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Most forms of an intellectual disability (formerly called mental retardation) are recognized early in a child’s life, as the child fails to achieve standard developmental milestones at appropriate ages. However, at early ages, developmental delays do not necessarily predict that intellectual disabilities will be present when a child reaches school age.

A given child’s predicted abilities (IQ) can start to be measured in school-aged children. Whereas an average IQ is around 100, intellectual disabilities are diagnosed in the 2% to 3% of children who score the lowest on a standard IQ test and are delayed to the same extent in such life skills as self-care, self-direction, and the use of academic skills. Eighty-five percent of children with intellectual disability fall into the mild range, with IQ scores from 70 to 55.

Intellectual disabilities are often suspected within the first few years of life if children are experiencing lags in the rate of their development in social, self-help, motor skills, and language development. Children with milder forms of intellectual disability may escape detection until their school years, when parents or teachers begin to wonder if their difficulties in learning signal the presence of ADHD or learning disabilities and bring them to a pediatrician for evaluation.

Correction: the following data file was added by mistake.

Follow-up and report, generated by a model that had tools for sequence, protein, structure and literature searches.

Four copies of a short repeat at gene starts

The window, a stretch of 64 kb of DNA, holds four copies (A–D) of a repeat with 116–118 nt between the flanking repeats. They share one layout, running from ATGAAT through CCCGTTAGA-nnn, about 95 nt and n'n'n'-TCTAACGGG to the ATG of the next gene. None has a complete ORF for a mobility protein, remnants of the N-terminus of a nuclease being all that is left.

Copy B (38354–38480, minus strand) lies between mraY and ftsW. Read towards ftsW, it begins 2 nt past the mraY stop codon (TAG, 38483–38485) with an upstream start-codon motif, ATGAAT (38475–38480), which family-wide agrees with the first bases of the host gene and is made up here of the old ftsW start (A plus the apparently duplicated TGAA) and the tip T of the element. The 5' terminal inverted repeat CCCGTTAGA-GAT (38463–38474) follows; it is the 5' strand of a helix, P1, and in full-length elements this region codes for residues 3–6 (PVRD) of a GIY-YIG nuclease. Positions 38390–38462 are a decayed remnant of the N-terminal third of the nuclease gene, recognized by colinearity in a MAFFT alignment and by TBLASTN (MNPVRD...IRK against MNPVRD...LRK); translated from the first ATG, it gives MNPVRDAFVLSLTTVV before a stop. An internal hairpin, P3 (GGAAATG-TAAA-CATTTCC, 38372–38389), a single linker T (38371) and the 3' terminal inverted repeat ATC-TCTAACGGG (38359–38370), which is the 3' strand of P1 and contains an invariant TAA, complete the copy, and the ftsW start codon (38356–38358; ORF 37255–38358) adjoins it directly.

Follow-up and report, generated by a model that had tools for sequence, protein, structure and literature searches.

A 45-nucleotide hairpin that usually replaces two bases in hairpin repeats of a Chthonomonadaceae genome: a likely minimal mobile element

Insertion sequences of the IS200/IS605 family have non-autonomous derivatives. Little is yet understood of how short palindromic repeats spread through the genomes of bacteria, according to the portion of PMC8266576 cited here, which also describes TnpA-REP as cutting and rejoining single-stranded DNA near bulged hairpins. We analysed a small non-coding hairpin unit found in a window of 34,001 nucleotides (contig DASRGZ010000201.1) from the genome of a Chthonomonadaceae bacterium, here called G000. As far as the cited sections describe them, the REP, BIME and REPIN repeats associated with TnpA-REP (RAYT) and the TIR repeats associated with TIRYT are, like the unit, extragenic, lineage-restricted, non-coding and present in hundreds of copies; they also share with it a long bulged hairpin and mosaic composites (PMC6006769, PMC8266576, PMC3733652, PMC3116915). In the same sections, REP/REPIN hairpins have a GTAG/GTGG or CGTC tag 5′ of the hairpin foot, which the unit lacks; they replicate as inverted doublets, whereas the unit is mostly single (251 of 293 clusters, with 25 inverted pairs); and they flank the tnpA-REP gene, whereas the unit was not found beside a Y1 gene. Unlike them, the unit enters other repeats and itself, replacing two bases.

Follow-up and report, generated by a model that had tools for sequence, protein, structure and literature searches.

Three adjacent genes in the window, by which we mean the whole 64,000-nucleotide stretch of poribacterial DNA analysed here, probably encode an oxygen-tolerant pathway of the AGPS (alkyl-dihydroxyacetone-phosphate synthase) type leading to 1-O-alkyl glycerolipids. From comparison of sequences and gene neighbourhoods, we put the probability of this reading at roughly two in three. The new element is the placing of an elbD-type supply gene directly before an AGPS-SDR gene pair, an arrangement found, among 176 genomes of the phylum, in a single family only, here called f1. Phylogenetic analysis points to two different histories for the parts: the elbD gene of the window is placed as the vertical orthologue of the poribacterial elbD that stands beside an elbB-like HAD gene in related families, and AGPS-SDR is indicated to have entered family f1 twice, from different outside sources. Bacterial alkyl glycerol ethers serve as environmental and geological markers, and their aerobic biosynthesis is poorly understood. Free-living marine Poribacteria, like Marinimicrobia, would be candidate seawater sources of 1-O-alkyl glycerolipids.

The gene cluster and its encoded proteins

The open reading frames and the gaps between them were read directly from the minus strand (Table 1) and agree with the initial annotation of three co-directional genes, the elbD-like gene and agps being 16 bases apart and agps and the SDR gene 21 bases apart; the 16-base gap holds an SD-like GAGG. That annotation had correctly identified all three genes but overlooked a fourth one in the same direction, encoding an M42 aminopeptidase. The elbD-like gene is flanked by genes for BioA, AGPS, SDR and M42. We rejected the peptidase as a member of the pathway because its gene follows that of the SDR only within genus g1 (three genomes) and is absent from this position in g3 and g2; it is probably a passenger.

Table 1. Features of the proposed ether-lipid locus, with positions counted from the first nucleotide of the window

In the past, physicians did not believe that ADHD occurred in children with intellectual disabilities. As a result, treatments for ADHD, including stimulant medications, were rarely used to treat children who actually had ADHD and coexisting intellectual disabilities. But recent research reveals that as many as 25% to 40% of children with intellectual disability also have ADHD—significantly more than in the general population.

Treatment for children with intellectual disability includes family support; family education and counseling; special educational programs; paying attention to transitional needs and educational rights; identifying community supports and support groups (such as The Arc); and paying close attention to your child’s strengths, abilities, and self-esteem.


Last Updated
ADHD: What Every Parent Needs to Know (Copyright © 2011 American Academy of Pediatrics)
The information contained on this Web site should not be used as a substitute for the medical care and advice of your pediatrician. There may be variations in treatment that your pediatrician may recommend based on individual facts and circumstances.